Financial crisis that triggered an economic depression in Europe and North America that lasted from 1873 to 1877 or 1879 in France and in Britain.

A bank run on the Fourth National Bank No. 20 Nassau Street, New York City, from Frank Leslie's Illustrated Newspaper, 4 October 1873
New York police violently attacking unemployed workers in Tompkins Square Park, 1874
Black Friday, 9 May 1873, Vienna Stock Exchange

A period of economic overexpansion arose from the northern railroad boom before a series of economic setbacks: the Black Friday panic of 1869, the Chicago fire of 1871, an outbreak of equine influenza and the Boston fire of 1872, and the demonetization of silver in 1873.

Nickel (United States coin)

Five-cent coin struck by the United States Mint.

A 1796 half dime
Spencer M. Clark, Supervisor of the Currency Bureau, placed his own likeness on the five-cent U.S. Fractional currency note, leading directly to legislation prohibiting the depiction of any living person on U.S. currency.
Postcard for Horn & Hardart restaurants, 1930s.
Ad placed by Brown in The Numismatist, December 1919
Chief Iron Tail, circa 1912

Half dimes continued to be struck, at both the Philadelphia and the San Francisco Mint, until the series was ended by the Coinage Act of 1873.

Gold Standard Act

Act of the United States Congress, signed by President William McKinley and effective on March 14, 1900, defining the United States dollar by gold weight and requiring the United States Treasury to redeem, on demand and in gold coin only, paper currency the Act specified.

In 1868, this committee of representatives prosecuted President Andrew Johnson in his impeachment trial, but the Senate did not convict him.

The Act formalized the American gold standard that the Coinage Act of 1873, which demonetized silver, had established by default.

John Jay Knox Jr.

American financier and government official.

Photograph of Knox, by Mathew Brady
John Jay Knox's portrait was featured on the $100 National Bank Notes of the series of 1902.

He is best remembered as a primary author of the Coinage Act of 1873, which discontinued the use of the silver dollar.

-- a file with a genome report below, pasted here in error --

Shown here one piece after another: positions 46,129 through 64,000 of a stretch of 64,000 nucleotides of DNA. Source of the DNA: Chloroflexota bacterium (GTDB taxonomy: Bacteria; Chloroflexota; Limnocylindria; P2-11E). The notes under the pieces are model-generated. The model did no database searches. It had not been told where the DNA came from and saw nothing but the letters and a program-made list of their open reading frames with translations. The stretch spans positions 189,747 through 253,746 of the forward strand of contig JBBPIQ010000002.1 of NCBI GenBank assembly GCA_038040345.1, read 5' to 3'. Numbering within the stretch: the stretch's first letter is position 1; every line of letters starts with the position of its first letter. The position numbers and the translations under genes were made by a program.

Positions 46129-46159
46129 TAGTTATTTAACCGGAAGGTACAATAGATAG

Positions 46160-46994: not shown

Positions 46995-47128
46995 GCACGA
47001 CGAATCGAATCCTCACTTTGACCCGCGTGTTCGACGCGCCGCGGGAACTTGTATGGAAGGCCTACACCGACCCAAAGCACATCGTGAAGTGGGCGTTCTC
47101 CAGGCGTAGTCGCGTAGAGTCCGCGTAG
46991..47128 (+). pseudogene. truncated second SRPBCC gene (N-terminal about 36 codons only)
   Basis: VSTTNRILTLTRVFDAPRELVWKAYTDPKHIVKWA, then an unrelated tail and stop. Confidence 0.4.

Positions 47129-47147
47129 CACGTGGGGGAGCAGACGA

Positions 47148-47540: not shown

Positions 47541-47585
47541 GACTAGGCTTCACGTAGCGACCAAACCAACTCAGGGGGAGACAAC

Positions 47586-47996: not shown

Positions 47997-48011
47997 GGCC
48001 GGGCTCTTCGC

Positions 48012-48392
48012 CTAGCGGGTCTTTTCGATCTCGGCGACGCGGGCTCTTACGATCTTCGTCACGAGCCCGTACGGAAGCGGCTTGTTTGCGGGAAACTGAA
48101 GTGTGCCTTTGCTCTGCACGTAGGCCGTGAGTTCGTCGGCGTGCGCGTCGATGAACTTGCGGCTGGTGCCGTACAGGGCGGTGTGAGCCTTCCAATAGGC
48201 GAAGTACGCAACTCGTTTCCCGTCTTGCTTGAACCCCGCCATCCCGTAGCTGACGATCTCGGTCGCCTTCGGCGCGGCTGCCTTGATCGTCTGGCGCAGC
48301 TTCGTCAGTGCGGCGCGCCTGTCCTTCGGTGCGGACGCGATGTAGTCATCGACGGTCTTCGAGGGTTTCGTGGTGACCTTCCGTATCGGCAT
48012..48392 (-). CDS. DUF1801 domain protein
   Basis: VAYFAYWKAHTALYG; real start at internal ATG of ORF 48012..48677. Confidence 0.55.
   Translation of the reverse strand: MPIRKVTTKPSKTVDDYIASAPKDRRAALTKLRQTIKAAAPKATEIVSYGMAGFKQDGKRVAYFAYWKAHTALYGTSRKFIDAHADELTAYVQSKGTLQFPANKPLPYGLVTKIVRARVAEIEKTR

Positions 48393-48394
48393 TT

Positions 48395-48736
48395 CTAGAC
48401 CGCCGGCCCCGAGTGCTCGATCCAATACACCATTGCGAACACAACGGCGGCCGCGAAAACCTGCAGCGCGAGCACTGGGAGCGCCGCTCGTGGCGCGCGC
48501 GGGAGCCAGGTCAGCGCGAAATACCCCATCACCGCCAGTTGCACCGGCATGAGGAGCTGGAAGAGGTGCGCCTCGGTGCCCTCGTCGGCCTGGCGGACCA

John Sherman

Politician from the U.S. state of Ohio during the American Civil War and into the late nineteenth century.

Photograph by Mathew Brady
Sherman at age 19
Margaret Cecilia Stewart
Congressman John Sherman
Sherman worked with Justin Smith Morrill to pass tariff legislation in 1860.
A Demand Note (top) and a United States Note (bottom)
Senator John Sherman
A silver dollar of the type Sherman said he never saw in circulation
A cartoon from the April 9, 1870 issue of Harper's Weekly anticipates the resumption of government payments in precious-metal coins.
Hayes's cabinet in 1877
Sherman appointed John Jay to investigate corruption in the New York Custom House.
James A. Garfield emerged the unexpected nominee at the 1880 Republican National Convention.
While serving in the Senate, Sherman lived in this house at 1323 K St. NW, Washington, D.C.
Sherman in his Senate office, about 1894
An 1885 political cartoon accuses Sherman and Foraker of fanning section hatred for political gain.
An 1889 cartoon suggests that the monopolies held too much power over Congress.
A $100 Treasury Note, authorized by the Sherman Silver Purchase Act, redeemable in gold or silver coin
Caricature by Mecachis published in Blanco y Negro (March 21, 1896) depicting Sherman, then Chair of the Senate Foreign Relations Committee, and the suggestion for the kind of diplomacy that should be enacted by Spain.
An 1897 political cartoon by Louis Dalrymple depicts Sherman as a young woman attempting to answer major U.S. diplomatic questions by playing the game He loves me ... he loves me not.
Sherman's home in Mansfield, Ohio

Grant's Treasury Secretary, George S. Boutwell, sent Sherman (who was by now Senate Finance Committee Chairman) a draft of what would become the Coinage Act of 1873.

Dime (United States coin)

Ten-cent coin, one tenth of a United States dollar, labeled formally as "one dime".

1792 Disme copper pattern
1820 Capped Bust dime
1874 cc Seated Liberty dime, with arrows
1892 Barber Dime
1936 Winged Liberty Head (Mercury) dime
The plaque of Roosevelt at the Recorder of Deeds Building in Washington, D.C.

The first change was made in response to rising silver prices, while the latter alteration was brought about by the Mint Act of 1873 which, in an attempt to make U.S. coinage the currency of the world, added a small amount of mass to the dime, quarter, and half-dollar to bring their weights in line with fractions of the French 5-franc piece.